Perhaps instead of hosting an ugly sweater party, this year, put on an ugly mask party, she said.
Keep the kids connected.
Katy Hopkins, a pediatric psychologist with Norton Children’s Hospital in Louisville, Ky., said, “If parents are struggling with their mental health during the holidays, kids are likely to be impacted by that.
“There is so much ambiguity about when things will get back to normal, and kids don’t necessarily handle that well,” she Hopkins said. “If you can start to talk with your family now about the fact that the holidays are going to be different this year, you can start to make plans to make sure it’s a year to remember in a special way.”
While the CDC warns that big gatherings are not safe this year, perhaps the feeling of one can be recreated by eating “together” or holding a pie contest or best-looking dessert competition over a videoconference, she said. Or play a game together with an online call. Be together although physically apart.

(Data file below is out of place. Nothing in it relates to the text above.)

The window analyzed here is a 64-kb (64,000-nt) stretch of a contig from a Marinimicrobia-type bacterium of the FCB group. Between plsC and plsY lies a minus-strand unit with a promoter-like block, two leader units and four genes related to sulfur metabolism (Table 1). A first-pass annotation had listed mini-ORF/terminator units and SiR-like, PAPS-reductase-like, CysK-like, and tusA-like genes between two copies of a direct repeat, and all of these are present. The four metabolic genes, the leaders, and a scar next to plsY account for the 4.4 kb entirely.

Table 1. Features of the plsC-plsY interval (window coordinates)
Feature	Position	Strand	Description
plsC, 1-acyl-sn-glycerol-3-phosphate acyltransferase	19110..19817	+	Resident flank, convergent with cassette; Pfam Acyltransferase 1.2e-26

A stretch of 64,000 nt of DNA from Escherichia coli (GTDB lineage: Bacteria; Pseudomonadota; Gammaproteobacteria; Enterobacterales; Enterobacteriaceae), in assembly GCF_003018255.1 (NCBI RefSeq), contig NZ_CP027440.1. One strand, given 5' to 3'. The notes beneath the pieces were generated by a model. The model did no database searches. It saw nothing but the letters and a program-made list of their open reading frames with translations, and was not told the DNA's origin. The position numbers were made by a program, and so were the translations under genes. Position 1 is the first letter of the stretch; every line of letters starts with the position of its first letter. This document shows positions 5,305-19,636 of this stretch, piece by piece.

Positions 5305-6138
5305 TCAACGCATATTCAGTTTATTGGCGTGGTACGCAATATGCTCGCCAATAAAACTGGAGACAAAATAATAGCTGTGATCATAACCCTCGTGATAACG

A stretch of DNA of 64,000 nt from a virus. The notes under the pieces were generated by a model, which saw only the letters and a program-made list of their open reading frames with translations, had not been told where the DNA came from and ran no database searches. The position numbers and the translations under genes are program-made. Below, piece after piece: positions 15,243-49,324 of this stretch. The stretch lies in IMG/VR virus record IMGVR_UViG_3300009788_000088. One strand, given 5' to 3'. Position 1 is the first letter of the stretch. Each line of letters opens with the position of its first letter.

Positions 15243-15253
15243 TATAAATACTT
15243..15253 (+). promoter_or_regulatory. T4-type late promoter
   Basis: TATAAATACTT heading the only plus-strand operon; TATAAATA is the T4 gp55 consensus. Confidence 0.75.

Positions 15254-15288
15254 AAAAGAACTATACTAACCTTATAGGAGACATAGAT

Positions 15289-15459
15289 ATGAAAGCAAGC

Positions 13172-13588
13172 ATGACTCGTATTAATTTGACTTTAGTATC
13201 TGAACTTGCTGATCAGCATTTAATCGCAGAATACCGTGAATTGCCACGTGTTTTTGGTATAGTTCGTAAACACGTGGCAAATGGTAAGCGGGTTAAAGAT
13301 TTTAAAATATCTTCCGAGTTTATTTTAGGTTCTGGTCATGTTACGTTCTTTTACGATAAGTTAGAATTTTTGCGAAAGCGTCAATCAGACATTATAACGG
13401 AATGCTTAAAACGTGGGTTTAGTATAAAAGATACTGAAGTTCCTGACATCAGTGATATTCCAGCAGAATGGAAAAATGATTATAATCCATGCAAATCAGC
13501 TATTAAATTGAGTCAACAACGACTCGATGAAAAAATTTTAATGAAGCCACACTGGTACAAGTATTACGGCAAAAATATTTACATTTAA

SILVER LININGS /
Momen, Fesler and other counselors advice looking for the silver lining.
Instead of running here and there all season, sit down and relax, Momen said. Take the opportunity to spend time with the ones who really are close to you.
“We might never get this time back,” she said.
“If you are the one who hosts all the parties, it’s a break. Enjoy it. Hone in on a skill you wanted to learn. You might never get this time back, so use it,” she said.
Learning new crafts also are excellent coping techniques, Fesler said.
She said she recently was introduced to 5D diamond painting kits, which she now recommends. It’s a five-dimensional form of painting that mixes traditional paint-by-number with resins or “diamonds” for special effects. “It’s one of the most relaxing things in the world.”